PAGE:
1 And Elephanta is of considerably later date.


From these examples and from what we can see
to have been their inevitableness, we might expect
that any important city of the Buddhistic period
would be likely to occur in connection with a
monastic centre some few miles distant. Now it
is possible to determine the positions of a great
many such cities on grounds entirely a priori. It
is clear, for instance, that whatever geographical
considerations might make Benares great would
also act at the same time to distinguish Allahabad.
By a similar induction, Mathura on the Jumna
and Hardwar on the Ganges might also be ex-
pected to furnish proof of ancient greatness. Now
outside Prayag we have to the present time, as a
haunt of sadhus, the spot known as Nirvanikal.
And in the vicinity of Hardwar, is there not Hrish-
ikesh ? The caves of Ellora have near them the
town of Roza. But this we must regard as a sort
of Mohammedan priory, inasmuch as its popula-
tion consists mainly of religious beggars (of course
not celibate) living about the tomb of Aurangzebe.
The neighbouring capital that supported the youth
of Ellora was probably at Deogiri, now called

It is the broken links in the chain, however, that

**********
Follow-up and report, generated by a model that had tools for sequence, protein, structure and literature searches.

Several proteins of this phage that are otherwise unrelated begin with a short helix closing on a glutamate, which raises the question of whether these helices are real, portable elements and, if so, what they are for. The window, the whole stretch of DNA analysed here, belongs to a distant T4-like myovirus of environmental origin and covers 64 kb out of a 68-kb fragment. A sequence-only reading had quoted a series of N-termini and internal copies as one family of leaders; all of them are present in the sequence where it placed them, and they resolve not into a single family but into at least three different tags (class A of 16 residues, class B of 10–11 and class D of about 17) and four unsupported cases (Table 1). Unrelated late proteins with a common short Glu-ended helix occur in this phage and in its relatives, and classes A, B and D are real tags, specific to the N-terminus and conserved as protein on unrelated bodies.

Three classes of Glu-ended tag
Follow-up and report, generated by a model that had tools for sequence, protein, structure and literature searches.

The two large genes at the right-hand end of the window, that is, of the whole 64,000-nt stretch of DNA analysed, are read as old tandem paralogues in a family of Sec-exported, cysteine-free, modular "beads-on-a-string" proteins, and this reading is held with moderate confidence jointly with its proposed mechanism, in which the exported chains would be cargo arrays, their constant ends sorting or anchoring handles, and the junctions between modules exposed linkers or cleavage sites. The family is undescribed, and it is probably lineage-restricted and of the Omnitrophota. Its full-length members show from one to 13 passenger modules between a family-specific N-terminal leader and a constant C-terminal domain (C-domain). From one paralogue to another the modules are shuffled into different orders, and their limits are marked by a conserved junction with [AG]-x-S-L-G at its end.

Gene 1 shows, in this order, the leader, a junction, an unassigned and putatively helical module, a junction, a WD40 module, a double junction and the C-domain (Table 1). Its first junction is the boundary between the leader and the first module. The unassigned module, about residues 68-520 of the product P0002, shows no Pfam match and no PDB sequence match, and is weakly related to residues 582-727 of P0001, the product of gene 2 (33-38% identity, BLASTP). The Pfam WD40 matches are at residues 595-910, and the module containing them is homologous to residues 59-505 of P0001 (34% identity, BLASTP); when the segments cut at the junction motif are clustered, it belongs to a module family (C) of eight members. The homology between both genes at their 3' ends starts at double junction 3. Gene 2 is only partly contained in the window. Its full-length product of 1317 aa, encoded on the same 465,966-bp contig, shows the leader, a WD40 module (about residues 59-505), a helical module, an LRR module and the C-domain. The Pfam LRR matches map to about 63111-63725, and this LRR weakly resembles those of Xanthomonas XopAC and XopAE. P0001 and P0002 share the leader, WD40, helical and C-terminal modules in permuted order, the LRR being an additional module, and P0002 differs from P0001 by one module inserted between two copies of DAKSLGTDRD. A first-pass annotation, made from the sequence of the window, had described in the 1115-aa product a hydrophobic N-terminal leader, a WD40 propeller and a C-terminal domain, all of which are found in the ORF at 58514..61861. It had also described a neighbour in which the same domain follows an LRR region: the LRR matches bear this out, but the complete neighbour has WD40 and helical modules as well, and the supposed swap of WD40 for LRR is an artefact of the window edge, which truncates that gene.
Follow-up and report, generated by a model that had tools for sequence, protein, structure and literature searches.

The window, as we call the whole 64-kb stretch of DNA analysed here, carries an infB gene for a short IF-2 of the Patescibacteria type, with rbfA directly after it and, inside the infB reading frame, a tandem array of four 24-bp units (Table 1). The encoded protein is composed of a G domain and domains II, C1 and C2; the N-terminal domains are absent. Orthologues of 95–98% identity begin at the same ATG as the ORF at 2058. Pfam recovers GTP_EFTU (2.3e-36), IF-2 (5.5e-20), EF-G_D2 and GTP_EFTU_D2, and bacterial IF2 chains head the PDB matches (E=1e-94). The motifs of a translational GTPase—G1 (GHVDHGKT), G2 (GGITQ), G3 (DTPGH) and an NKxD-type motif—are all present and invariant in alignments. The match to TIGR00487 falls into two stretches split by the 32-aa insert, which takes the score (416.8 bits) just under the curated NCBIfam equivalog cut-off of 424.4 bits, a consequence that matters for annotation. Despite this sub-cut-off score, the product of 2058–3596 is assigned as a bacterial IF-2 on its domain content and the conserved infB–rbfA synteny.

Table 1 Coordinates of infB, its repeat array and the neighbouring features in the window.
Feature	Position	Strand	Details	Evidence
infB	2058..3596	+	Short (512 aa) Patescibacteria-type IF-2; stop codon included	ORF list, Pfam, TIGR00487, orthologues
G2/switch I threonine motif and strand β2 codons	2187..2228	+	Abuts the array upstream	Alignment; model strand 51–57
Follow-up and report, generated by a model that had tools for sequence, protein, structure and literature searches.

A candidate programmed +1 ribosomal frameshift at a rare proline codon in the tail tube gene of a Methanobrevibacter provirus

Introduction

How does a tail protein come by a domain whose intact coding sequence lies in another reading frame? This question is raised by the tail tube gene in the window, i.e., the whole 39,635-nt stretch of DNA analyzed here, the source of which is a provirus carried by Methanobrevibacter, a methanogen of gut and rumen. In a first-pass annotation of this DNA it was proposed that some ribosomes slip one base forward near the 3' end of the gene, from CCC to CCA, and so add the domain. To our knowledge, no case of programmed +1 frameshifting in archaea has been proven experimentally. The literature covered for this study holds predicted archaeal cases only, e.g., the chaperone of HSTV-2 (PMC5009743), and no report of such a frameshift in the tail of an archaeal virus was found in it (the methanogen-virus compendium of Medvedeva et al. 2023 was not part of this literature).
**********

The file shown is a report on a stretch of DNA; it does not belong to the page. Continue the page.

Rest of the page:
fascinate us most in the light of this historical
generalisation. What was the city, and what the
state, that made Ajanta possible ? What was the
city that corresponded to the dharmsala at Sanchi ?
What was the city, and what the abbey, in the
case of Amravati ?


Undoubtedly a fashion once started in such
strength under Buddha-worshipping sovereigns and
commonwealths would tend to be imitated in later
ages when the system of ideas that we know as
Hinduism had come more definitely into vogue.
It is also possible that when the Buddhistic orders
failed or died out their places were sometimes
taken, in the ancient maths and foundations, by
Jain religious. Something of this sort appears at
least to have happened at Sarnath and possibly at
Khandagiri also. But the whole history of the
relations between Brahmans, Buddhists, and Jains
wants working out from an Asiatic and not Euro-
pean point of view, if many pages of history are to
become clear to us.